By John McClaughry
In this election season almost every candidate is promising to deliver “more affordable health care!” Most of them are at least subconsciously thinking “I’ll support legislation to have the government compel somebody else to pay more of your health care costs. That “somebody else” includes, variously, the taxpayers, your employer, others in your insurance pool and the providers themselves.”
Let’s ask this question: “Where can I get more affordable prices for high quality medical services, at a facility that does a lot of the procedure I require, gets above average results, and knows how to cope with every complication?” Let’s focus on commonplace coronary artery bypass graft surgery (CABG), as opposed to continuing treatment for chronic conditions, and let’s compare the quoted all-in bundled price (not including post-operational physical therapy sessions).
According to one not atypical 2018 survey, your U.S. CABG operation will cost $123,000 on average, or in the best case as little as $80,000 if you negotiate payment in cash.
Now look at Surgery Center of Oklahoma, which pioneered the bundled price. You can get your CABG done there by experts for $12,000. That’s mainly because Surgery Center of Oklahoma specializes in a small number of types of operations, keeps overhead low, takes only cash payments, and practices low markup on pharmaceuticals. That’s impressive. Of course you have to fly to Oklahoma City and back, and do your post-op recovery back home.
Now let’s look at the bundled price of the same procedure at a medical center that does thousands of that procedure, with British and U.S. board-certified surgeons. Let’s go on past Thailand and Singapore to the world’s extreme example: Narayana Institute of Cardiac Sciences in Bengaloru, in India’s Silicon Valley, the flagship of a group of 23 Indian private medical centers.
At Narayana you can get your arteries repaired for $2,000. A lung transplant is yours for $7,000, and a heart transplant for $11,000. And this is not a back-alley discount operation. Its glistening modern equipment is maintained to world standards. Narayana’s coronary artery bypass fatality rate within 30 days is 1.4%. The U.S. average is 1.9%.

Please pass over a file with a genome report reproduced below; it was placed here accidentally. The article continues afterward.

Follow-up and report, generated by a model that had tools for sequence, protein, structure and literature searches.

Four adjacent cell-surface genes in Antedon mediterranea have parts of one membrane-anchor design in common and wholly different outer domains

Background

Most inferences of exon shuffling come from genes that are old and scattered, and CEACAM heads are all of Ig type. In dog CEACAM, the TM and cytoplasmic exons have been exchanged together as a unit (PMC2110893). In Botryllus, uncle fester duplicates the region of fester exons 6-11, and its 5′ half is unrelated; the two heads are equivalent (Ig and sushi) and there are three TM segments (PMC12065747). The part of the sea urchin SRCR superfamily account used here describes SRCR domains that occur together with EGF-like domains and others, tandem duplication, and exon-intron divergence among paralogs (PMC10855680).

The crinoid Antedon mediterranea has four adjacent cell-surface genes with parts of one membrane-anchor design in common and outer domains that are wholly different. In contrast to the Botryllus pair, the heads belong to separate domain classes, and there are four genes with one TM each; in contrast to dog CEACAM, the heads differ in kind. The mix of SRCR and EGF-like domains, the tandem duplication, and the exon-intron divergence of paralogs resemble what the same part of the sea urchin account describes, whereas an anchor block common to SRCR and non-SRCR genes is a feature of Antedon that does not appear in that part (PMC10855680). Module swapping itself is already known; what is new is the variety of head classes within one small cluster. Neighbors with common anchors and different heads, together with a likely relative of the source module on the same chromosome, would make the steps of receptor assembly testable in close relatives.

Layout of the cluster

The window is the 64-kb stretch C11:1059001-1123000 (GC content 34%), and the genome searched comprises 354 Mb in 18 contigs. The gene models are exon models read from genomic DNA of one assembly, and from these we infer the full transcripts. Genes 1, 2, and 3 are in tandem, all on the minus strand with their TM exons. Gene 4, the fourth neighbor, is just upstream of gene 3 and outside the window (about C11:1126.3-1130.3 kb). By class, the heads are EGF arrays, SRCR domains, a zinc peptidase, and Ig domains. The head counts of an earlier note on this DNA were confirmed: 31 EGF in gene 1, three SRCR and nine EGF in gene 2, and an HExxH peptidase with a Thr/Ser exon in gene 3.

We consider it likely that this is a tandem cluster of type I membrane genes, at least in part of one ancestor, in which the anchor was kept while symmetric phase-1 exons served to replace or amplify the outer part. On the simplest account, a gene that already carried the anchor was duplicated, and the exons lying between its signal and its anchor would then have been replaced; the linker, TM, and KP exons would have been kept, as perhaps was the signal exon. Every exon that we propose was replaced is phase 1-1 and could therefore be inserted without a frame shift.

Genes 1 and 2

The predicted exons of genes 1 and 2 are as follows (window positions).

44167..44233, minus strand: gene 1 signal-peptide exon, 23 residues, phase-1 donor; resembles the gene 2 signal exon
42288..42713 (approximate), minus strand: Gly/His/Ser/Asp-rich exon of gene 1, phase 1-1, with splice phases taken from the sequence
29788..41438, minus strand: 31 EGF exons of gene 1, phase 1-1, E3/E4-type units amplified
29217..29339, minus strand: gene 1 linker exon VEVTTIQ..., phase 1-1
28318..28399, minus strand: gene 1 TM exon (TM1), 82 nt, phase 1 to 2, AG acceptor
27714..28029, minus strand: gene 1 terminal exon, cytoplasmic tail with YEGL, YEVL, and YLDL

Its founder, Dr. Devi Shetty, got his surgical training at Guy’s Hospital, London, and was the doctor for Mother Teresa. His son Viren (34, Stanford Business School) heads the world class data management operation. It’s designed to identify unproductive effort and inflated costs, which are eliminated.
Instead of throwing away tubes, they are sterilized and reused. An in-house equipment repair team keeps CT and MRI machines in use long after their warranties expire, when many U.S hospitals send for new ones. Perhaps most important, the staff is “upskilled” — everyone performs at the highest level of their capabilities. Thus junior surgeons do patient prep and open the chest. A senior surgeon comes in, installs the graft, and moves on to another operating room leaving the juniors to sew up.
Narayana’s cost-cutting business model is designed for high throughput, with a low margin per operation. Practiced turnaround teams clean, sterilize, recondition and reequip the operating rooms for their next patients in 15 minutes. For the more affluent inpatient, the hospital offers a premium package: private rooms and, for a measly $5 US per hour extra, amenities akin to the first class section on an airplane.
Narayana is one of many private hospitals in India. It makes a profit because of its low prices and efficiency, high volume, good results, largely cash operation, and relative freedom from India’s notorious British-created bureaucracies. As a specialty surgical hospital it does not offer care by primary care physicians, who generally work in clinics funded and controlled by the government.
Narayana’s wages are of course at Indian levels, not American. Its model can’t be packed up and dropped into New England (although it operates a clone in the Cayman Islands catering to North Americans.) And the two 22-hour flights between New York and Bengaloru will set you and your companion back $10,000.
Just the same, like the Surgery Center of Oklahoma, Narayana offers an impressive example of how an entrepreneurial surgical hospital can deliver high quality services at strikingly low prices. American hospitals should emulate Narayan’s model, although American government regulations to protect the many interests within our health care systems would likely eat up a lot of the potential savings.
John McClaughry is vice president of the Ethan Allen Institute.